The British government has been working on a plan to support UK tech firms affected by the collapse of SVB.

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US Advocates for Palestinian Access to Al-Aqsa

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Al-Aqsa

On Wednesday, the United States called on Israel to permit Muslims to worship at the Al-Aqsa mosque compound in Jerusalem during Ramadan. This plea comes in response to a proposal by a far-right minister suggesting the exclusion of Palestinians from the occupied West Bank from praying at the site.

State Department spokesman Matthew Miller addressed reporters, stating, “As it pertains to Al-Aqsa, we continue to urge Israel to facilitate access to Temple Mount for peaceful worshippers during Ramadan consistent with past practice.” The statement emphasizes the importance of maintaining historical practices that have allowed peaceful worship during the holy month of Ramadan at the Al-Aqsa mosque compound, also known as the Temple Mount.

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Bangladesh Delegation Eyes WTO MC13 to Safeguard Developing Nations’ Interests

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The 13th Ministerial Conference (MC13) of the World Trade Organization (WTO) is scheduled to take place from February 26 to 29, 2024, in Abu Dhabi, United Arab Emirates (UAE). Ministers from around the world will gather to assess the performance of the multilateral trading system and address the future agenda of the WTO. A delegation from Bangladesh, led by State Minister for Commerce Ahsanul Islam Titu, comprising eight members, will participate in the conference.

This edition of the ministerial conference holds particular significance for Bangladesh as the country is set to transition from a Least Developed Country (LDC) to a developing nation by 2026. Typically held every two years, the conference will focus on critical global issues, including subsidies in agriculture and fisheries, intellectual property rights, e-commerce, and global food security.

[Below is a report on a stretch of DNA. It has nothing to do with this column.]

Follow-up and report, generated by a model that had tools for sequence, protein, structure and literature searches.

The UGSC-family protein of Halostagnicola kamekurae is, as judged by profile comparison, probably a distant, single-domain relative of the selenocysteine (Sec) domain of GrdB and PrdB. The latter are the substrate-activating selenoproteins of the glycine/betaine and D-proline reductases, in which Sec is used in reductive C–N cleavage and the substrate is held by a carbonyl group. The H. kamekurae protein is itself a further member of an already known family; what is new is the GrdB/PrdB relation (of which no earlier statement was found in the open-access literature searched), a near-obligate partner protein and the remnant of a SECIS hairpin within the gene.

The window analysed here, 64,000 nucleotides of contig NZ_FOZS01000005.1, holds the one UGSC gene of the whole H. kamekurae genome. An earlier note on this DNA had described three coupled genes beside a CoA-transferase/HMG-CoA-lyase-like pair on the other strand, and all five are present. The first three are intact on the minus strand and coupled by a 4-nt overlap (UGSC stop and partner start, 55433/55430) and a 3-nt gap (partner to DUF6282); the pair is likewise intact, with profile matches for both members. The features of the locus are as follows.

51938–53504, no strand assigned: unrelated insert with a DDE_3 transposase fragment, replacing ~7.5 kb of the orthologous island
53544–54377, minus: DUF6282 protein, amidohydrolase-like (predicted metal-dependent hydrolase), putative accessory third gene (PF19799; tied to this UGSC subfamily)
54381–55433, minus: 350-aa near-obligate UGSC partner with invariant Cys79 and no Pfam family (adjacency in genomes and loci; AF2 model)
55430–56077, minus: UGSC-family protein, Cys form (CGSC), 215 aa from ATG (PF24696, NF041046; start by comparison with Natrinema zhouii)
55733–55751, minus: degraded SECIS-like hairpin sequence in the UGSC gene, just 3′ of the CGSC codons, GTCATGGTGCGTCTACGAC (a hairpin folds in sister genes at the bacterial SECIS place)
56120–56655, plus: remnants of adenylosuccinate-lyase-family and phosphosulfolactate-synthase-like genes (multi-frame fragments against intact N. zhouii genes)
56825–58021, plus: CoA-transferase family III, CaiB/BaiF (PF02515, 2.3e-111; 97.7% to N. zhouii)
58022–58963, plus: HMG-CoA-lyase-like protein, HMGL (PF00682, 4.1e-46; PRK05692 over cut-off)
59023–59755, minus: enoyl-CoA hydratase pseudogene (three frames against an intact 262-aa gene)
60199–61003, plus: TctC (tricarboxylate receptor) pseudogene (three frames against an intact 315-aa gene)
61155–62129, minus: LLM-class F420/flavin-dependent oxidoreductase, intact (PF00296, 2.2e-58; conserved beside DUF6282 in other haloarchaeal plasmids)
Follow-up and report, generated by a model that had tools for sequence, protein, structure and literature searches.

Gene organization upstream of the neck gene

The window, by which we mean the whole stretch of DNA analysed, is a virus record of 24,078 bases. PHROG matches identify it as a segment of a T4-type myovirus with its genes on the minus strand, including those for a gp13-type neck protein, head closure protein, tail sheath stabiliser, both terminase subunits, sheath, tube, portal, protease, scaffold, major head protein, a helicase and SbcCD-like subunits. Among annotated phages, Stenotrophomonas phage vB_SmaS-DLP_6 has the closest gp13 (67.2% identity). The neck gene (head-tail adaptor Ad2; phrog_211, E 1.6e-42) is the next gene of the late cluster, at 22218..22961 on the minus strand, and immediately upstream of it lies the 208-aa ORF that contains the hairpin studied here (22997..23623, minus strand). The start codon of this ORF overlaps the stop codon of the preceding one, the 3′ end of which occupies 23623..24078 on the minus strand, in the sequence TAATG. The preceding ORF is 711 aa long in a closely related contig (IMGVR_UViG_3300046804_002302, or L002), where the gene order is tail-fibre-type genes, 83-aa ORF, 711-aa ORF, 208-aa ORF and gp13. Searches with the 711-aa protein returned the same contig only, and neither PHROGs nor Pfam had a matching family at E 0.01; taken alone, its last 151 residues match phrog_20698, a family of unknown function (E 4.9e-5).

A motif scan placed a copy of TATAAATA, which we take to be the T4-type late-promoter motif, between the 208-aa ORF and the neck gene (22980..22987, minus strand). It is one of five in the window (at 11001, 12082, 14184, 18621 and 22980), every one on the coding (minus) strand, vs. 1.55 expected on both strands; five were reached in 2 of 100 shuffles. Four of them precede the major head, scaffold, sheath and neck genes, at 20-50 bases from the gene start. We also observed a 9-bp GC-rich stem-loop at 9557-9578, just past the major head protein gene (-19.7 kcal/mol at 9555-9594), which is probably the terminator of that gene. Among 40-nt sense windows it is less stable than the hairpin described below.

Senior Secretary of the Commerce Ministry, Tapan Kanti Ghosh, expressed Bangladesh’s commitment to safeguarding the interests of LDCs and other developing nations. While not highlighting specific issues for Bangladesh, he emphasized the country’s desire to maintain duty-free market access, intellectual property rights, and other trade facilities during the post-LDC graduation period.

Tapan highlighted Bangladesh’s advocacy for the continuation of technical facilities, such as training programs for officials and dispute settlement mechanisms, even beyond the LDC graduation. He affirmed that Bangladesh would play a robust role in these discussions. Additionally, he underscored Bangladesh’s priority on providing subsidies in the fisheries sector during the post-LDC graduation period.

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Saudi Imposes Tk15 lakh Fine for Unauthorized Hajj Performances

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Saudi Arabia

The Ministry of Hajj and Umrah in Saudi Arabia has declared a fine of SR50,000 (equivalent to Tk15 lakh) for individuals, whether tourists or local residents, who perform Hajj without official permission. According to Gulf News, the ministry emphasized the illegality of undertaking Hajj without the necessary approvals. Additionally, hefty fines of up to Tk15 lakh will be imposed on those found transporting Hajj pilgrims without the required documents.

Furthermore, the ministry outlined severe consequences for foreigners involved in such violations, including a six-month imprisonment and subsequent deportation from Saudi Arabia. Those deported will also face a 10-year ban on reentering the country. This stringent announcement aims to ensure the proper implementation of the Hajj process and deter any potential breaches of laws and regulations.

The penalties will be enforced through collaboration between the Ministry of Hajj and Umrah and Saudi Arabia’s General Directorate of Passports.